When I came to the FBI, I had no idea what I was going to do. I was assigned to the New York City field office in Manhattan. And it was just a chance that I met some people at firearms training. I had met some gentlemen from the GRU squad, the Russian military intelligence squad down in Manhattan. And they said, are you on a squad yet? And then that day there, we did about three to six months of preparatory work after new agent training. Once we got to New York, it was lots of training, and I hadn’t been assigned a squad yet. And I said that sounds really fun. I’ve never heard of counterintelligence. And I said, what do you do? And he said we recruit intelligence officers. We’ve recruited Russian spies at the United Nations. And I was like, wow. And so I lobbied to try to get on that squad. There’s the luck of the draw of timing. Someone was leaving as I was trying to get on, and I got on the squad. I wouldn’t say it was intimidating. It was invigorating, and what I mean by that is that in our squad, we had about 10 to 12 agents, male and female. Most had 20 to 25 years in that squad. These were what I like to call the Jedi masters of doing this job. My job was recruiting intelligence officers and creating confidential human resources to get at the intelligence officers.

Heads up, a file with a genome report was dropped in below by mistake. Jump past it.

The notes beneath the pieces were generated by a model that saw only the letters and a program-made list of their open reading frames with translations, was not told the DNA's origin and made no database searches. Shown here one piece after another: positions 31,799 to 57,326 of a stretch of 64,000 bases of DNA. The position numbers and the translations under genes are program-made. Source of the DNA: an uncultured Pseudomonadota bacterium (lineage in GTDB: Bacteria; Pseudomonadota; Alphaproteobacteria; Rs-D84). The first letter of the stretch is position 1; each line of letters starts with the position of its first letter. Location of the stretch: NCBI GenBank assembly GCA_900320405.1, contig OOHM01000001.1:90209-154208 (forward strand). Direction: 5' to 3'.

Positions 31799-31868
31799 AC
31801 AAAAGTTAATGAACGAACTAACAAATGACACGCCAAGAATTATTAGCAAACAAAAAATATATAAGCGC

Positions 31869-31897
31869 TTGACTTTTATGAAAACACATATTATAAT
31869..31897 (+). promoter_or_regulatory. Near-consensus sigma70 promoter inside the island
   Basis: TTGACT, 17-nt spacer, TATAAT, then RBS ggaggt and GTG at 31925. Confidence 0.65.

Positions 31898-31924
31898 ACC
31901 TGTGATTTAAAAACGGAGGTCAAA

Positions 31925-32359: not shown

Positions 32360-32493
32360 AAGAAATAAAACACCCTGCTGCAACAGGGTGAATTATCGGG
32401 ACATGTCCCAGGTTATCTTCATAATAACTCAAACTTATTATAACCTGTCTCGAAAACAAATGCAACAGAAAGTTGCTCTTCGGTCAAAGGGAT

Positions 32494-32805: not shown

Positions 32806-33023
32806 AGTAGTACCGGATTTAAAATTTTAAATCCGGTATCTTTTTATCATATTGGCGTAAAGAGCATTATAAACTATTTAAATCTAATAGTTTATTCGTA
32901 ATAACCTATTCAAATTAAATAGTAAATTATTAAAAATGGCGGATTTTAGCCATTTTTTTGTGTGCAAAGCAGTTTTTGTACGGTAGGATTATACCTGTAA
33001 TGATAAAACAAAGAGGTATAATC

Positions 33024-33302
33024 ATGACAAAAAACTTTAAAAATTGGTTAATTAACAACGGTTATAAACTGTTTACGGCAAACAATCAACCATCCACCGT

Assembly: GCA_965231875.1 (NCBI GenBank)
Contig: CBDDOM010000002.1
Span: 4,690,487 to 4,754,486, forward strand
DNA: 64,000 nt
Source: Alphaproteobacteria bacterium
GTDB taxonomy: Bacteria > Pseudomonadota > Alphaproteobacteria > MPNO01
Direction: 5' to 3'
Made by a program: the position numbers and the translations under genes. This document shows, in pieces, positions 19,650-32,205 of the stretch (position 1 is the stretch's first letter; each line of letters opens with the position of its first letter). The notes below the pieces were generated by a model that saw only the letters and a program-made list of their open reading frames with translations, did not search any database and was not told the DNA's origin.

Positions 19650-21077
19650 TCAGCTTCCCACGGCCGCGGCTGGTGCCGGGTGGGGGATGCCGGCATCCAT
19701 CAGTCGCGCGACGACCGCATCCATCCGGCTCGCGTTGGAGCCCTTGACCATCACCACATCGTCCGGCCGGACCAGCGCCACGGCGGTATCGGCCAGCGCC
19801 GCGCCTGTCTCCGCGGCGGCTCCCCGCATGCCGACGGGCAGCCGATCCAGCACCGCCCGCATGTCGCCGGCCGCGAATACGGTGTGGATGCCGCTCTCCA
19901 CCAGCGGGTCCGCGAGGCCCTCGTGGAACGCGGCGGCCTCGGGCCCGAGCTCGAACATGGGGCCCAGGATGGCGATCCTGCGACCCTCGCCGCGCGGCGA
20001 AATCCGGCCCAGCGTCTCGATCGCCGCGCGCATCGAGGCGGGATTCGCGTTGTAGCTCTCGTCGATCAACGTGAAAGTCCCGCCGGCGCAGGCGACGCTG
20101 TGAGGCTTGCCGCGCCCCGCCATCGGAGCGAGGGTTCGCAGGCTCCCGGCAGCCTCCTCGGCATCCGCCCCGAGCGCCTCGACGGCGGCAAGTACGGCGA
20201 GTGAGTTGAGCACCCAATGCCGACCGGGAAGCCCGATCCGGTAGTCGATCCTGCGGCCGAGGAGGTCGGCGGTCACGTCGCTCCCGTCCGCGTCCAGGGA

And I had a lot of energy. I was an extrovert, and I am still an extrovert. I love people. Without some teacher mentoring or guidance, you tend to keep the focus on yourself a lot of times without focusing on others. And so that’s where the life rep started kicking in where I had some humbling moments where I was too much about myself. I would blow it with someone and the teacher, mentors, and guides and say, do this, do this.

And you’re learning on the job. You’re observing, you’re going to training, but in those first formative five to 10 years in the FBI, I started getting really good at doing this. And then when I got on our behavioral team and I asked to train it, that’s when you can start putting the paint by number behind the art form so you can make it a process. And I started analyzing with these great people around me who were recruiting spies. I mean, literally. It’s like buying a lottery ticket. They’re taking these chances, and when you get one on board, it’s that rare but that beneficial. And the people I worked with were so successful  and I was analyzing what are they doing? And so it was those formative years. I think I was excited, more than nervous, and probably way too aggressive than I should have been.